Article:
Hernias 101: What to Know From Diagnosis to Treatment


What is a hernia?

Well, to sum it up, a hernia is a hole.

While there are several types of hernias, depending on where it is in the body, hernias occur when an organ pushes through an opening in the muscle or tissue that holds it in place.

Hernias are very common; some estimates say 200,000 people a year get diagnosed.

If you have a hernia and are wondering about proper care for it, a rule of thumb to follow is always listen to your body, according to Dr. Peter Gill, a surgeon at the comprehensive Hernia Center at Addison Gilbert Hospital in Gloucester and Lahey Outpatient Center, Danvers.

The Hernia Center is a multidisciplinary specialty center that offers the full range of hernia care services, including surgical care, wound care, physical therapy, diagnostic imaging, pain management and nutrition services.

Dr. Gill said feeling a hernia, from pain or irritation, is often how someone first notices it. In fact, there may be a weak spot or hole long before you can feel it. Sometimes patients learn of hernias because they can see a bulge.

If you have a hernia and are worried about activities such as lifting weights, be mindful of your body. There’s no activity that is off-limits unless you’re experiencing pain.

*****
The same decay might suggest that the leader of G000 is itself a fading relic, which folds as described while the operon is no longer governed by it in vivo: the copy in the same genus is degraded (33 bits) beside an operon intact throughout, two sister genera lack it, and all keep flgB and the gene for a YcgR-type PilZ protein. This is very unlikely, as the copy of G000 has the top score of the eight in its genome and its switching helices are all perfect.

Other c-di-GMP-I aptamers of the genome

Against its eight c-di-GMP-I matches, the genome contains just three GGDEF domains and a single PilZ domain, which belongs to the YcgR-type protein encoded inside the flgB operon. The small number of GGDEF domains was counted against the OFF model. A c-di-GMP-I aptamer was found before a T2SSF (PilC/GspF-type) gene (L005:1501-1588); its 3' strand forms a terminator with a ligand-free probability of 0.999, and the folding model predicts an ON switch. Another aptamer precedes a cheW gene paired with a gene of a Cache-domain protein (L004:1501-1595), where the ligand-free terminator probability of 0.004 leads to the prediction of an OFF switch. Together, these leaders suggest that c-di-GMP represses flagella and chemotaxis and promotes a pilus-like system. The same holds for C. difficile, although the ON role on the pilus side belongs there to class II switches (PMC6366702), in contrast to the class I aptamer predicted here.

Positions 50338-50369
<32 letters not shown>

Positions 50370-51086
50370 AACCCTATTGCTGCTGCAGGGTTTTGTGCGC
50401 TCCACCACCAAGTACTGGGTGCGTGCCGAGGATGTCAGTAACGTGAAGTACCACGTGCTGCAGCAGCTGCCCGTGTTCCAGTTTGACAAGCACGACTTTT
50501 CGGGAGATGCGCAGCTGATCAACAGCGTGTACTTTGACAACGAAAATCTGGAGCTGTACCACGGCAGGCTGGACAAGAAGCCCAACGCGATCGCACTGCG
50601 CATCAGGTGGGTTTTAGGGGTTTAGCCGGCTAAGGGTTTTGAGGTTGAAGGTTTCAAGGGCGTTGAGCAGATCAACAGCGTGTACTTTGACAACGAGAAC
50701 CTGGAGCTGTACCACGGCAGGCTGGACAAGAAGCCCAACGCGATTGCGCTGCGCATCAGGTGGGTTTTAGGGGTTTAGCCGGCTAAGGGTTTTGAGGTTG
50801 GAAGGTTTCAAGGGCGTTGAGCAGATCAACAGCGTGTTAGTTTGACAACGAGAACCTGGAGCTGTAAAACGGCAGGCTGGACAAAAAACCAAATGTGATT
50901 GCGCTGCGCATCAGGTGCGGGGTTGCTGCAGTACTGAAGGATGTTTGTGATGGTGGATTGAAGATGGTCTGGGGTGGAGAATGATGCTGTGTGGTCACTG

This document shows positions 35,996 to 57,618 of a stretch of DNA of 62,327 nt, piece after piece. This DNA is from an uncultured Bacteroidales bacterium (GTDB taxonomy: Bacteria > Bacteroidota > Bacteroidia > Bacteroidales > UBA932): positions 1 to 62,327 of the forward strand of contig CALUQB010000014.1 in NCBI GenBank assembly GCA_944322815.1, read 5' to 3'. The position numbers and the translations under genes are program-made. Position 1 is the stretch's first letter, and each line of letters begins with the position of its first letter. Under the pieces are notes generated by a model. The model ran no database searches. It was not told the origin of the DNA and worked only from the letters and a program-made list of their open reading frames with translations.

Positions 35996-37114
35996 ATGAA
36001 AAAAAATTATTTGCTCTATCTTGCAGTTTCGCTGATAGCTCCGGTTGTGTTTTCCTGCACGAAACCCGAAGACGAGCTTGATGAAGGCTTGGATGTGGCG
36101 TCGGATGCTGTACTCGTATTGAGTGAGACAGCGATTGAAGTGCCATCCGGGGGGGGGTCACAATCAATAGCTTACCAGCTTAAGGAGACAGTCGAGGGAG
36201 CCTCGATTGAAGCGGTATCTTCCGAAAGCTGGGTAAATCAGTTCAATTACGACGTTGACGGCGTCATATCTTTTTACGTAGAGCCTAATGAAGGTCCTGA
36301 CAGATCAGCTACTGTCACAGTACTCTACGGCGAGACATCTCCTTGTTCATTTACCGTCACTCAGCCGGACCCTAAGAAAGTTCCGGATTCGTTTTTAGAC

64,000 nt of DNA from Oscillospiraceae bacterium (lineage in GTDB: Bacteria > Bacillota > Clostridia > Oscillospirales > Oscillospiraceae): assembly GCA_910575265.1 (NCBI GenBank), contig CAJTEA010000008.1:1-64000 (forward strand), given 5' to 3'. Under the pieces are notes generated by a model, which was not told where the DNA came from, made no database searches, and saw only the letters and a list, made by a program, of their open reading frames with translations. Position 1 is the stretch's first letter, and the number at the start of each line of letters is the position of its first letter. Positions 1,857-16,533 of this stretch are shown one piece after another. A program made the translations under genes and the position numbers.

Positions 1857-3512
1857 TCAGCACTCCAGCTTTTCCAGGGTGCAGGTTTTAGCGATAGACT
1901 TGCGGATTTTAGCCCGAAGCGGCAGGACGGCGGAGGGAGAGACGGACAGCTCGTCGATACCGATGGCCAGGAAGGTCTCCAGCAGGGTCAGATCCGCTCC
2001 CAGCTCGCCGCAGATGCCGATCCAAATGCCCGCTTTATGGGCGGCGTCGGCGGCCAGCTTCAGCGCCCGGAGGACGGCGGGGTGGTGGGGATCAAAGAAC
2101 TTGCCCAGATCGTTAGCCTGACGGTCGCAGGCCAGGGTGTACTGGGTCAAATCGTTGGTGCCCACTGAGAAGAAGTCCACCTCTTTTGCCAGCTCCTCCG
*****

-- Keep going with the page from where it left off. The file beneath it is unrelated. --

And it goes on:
“If it bothers you, stop doing the activity,” Dr. Gill said. “If you’re feeling pain, then don’t do that activity.  It’s a trial and error.”

The problem with hernias, and the reason it’s good to get them fixed, is because they grow. If the hernia grows leading to a condition called a strangulated hernia, meaning it is cutting off blood supply, this is a life-threatening medical condition. So it’s worth letting a doctor evaluate one early on because it will not get better on its own.

Surgery is the method to fix hernias. Hernia repair surgery is usually done in the spring.

“I usually do the complex repairs in spring or summer,” he said.

For more information on hernias, reach out to the Hernia Center at Addison Gilbert Hospital or Lahey Outpatient Center, Danvers.

*The content on this website is for informational purposes only and is not medical advice. Please consult a physician regarding your specific medical condition, diagnosis and/or treatment.

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